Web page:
ABC Kids (US)

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ABC Kids
Type Defunct Saturday morning cartoon block (1997–2011)
Country United States
Availability National
Slogan Illuminating Television (1997–2004)
ABC Kids is Gonna Rock Your Day! (2006–2011)
Owner ABC, Inc. (The Walt Disney Company)
Launch date
September 13, 1997 (1997-09-13)
(as Disney's One Saturday Morning)
September 14, 2002 (2002-09-14)
(as ABC Kids)
Dissolved September 7, 2002 (2002-09-07)
(as Disney's One Saturday Morning)
August 27, 2011 (2011-08-27)
(as ABC Kids)
Former names
Disney's One Saturday Morning (1997–2002)
Affiliation ABC

ABC Kids (also known as Disney's ABC Kids) was an American children's programming block that aired on ABC from September 13, 1997 (under its original brand as "Disney's One Saturday Morning") until August 27, 2011; it also aired in Canada under the "One Saturday Morning" brand on BBS/CTV until 2002. The block regularly aired on Saturday mornings in the U.S., though certain programs within the lineup aired on Sundays in some parts of the country due to station preferences for non-E/I programming or scheduling issues with regional or network sports broadcasts.

It featured a mix of animated television series and live-action children's television series. The block concluded on August 27, 2011, and was replaced one week later on September 3 by Litton's Weekend Adventure, a block of family-oriented E/I shows programmed by Litton Entertainment that is formatted as a syndication package exclusive to ABC stations.

History[edit]

Development[edit]

Immediately before The Walt Disney Company purchased ABC parent company Capital Cities Communications in 1996, ABC Saturday Morning aired ReBoot, Schoolhouse Rock!, and Disney-produced series The Mighty Ducks, DuckTales and Gargoyles. When Disney formally took over network operations in 1997, Disney head Michael Eisner sought to create a Saturday morning block that was different from the rest at the time.

In February 1997, Peter Hastings left Warner Bros. Animation in a heated dispute over the direction of two massive Warner Bros. hits he had written for, Animaniacs and Pinky and the Brain, and joined Disney. Hastings was tasked with overhauling ABC's Saturday morning lineup. He pitched the idea that Saturday is different from every other day and to represent weekdays as buildings. Hastings also proposed the use of virtual set technology; although he knew little about it at the time and the technology used was just starting to be developed, Disney and ABC liked the idea. He hired Prudence Fenton as consultant manager and co-executive producer. Together, they sampled virtual set technology at the 1997 NAB Show and chose technology developed by Accom and ELSET. Rutherford Bench Productions, which had previously worked with Disney, hired Pacific Ocean Post (now POP Sound) to produce the virtual set. The building was initially a drawing of Grand Central Terminal with a roller coaster added, but evolved into a towering mechanical structure. Even the interior has similarities such as a central high raised room, with two wings on the left and right sides and another on the south side.[1]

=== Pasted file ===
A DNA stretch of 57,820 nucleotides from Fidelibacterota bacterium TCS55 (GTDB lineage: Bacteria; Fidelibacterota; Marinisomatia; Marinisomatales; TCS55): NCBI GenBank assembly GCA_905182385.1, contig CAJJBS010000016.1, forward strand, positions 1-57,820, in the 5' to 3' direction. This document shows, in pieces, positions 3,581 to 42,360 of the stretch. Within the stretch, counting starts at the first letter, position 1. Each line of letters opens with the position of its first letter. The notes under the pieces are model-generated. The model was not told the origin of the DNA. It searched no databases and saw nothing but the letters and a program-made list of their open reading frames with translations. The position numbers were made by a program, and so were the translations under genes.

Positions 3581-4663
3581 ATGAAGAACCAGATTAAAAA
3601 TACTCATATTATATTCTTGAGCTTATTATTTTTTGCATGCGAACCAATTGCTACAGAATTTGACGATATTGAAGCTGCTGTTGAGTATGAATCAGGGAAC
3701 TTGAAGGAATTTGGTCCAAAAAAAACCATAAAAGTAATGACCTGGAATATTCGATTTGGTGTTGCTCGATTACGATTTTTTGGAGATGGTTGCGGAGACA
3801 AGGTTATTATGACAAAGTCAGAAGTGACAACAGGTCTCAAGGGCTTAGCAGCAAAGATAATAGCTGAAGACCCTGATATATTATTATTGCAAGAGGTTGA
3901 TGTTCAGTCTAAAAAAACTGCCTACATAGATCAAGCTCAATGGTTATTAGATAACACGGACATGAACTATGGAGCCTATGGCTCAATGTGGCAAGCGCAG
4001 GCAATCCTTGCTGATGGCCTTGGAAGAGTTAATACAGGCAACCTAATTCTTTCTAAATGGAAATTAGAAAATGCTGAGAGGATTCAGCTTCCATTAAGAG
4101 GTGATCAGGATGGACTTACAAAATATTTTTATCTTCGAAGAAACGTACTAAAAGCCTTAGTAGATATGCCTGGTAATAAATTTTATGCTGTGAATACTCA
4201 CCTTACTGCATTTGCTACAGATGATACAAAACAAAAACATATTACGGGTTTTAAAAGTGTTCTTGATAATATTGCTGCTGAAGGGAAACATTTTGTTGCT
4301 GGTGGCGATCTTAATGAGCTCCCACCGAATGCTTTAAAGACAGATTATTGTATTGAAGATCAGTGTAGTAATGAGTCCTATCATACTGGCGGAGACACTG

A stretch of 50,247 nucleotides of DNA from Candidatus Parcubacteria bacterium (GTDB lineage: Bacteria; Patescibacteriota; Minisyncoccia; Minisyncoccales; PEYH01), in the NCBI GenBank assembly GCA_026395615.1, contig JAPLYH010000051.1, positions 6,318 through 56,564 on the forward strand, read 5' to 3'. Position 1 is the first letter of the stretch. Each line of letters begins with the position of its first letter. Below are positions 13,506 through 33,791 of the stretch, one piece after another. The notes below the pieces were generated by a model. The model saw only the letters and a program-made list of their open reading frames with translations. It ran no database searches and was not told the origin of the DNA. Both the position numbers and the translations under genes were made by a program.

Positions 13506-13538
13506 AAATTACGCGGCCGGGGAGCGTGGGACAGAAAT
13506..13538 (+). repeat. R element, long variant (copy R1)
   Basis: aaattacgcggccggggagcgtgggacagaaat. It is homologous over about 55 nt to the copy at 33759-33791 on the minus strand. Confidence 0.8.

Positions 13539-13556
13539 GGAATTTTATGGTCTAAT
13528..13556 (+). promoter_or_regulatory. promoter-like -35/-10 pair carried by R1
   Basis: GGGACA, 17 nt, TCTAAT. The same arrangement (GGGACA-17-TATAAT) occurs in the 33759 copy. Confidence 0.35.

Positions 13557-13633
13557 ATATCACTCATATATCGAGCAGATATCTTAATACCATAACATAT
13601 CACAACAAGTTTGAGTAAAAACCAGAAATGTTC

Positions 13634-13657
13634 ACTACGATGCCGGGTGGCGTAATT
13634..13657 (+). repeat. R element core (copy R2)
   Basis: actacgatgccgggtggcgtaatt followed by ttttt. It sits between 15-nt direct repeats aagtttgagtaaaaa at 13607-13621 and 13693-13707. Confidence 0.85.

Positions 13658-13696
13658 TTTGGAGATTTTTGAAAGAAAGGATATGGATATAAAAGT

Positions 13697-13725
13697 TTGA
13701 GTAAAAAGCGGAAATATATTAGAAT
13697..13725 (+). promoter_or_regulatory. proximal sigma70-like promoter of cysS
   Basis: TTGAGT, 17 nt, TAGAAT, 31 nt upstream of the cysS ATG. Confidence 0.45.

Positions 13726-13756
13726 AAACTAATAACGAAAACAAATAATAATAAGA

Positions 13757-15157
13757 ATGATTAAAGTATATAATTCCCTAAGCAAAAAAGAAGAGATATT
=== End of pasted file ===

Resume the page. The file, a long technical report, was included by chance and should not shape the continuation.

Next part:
Disney's One Saturday Morning[edit]

On September 13, 1997, Disney's One Saturday Morning premiered as a two-hour block on the ABC Saturday Morning lineup.[2] It was originally scheduled for a September 6, 1997 debut, but due to ABC and other major networks airing Princess Diana's funeral instead of children's programming that day, its launch was pushed back by one week. One Saturday Morning (advertised as "five hours of summer, once a week!") featured two parts: three hours of regularly scheduled cartoons and a two-hour hosted flagship show that included features, comedy, and the virtual world Hastings had proposed, along with full episodes of three series: Doug (which had been acquired from Nickelodeon), Recess and Pepper Ann, all of which were interspersed through the show. Among the educational features were: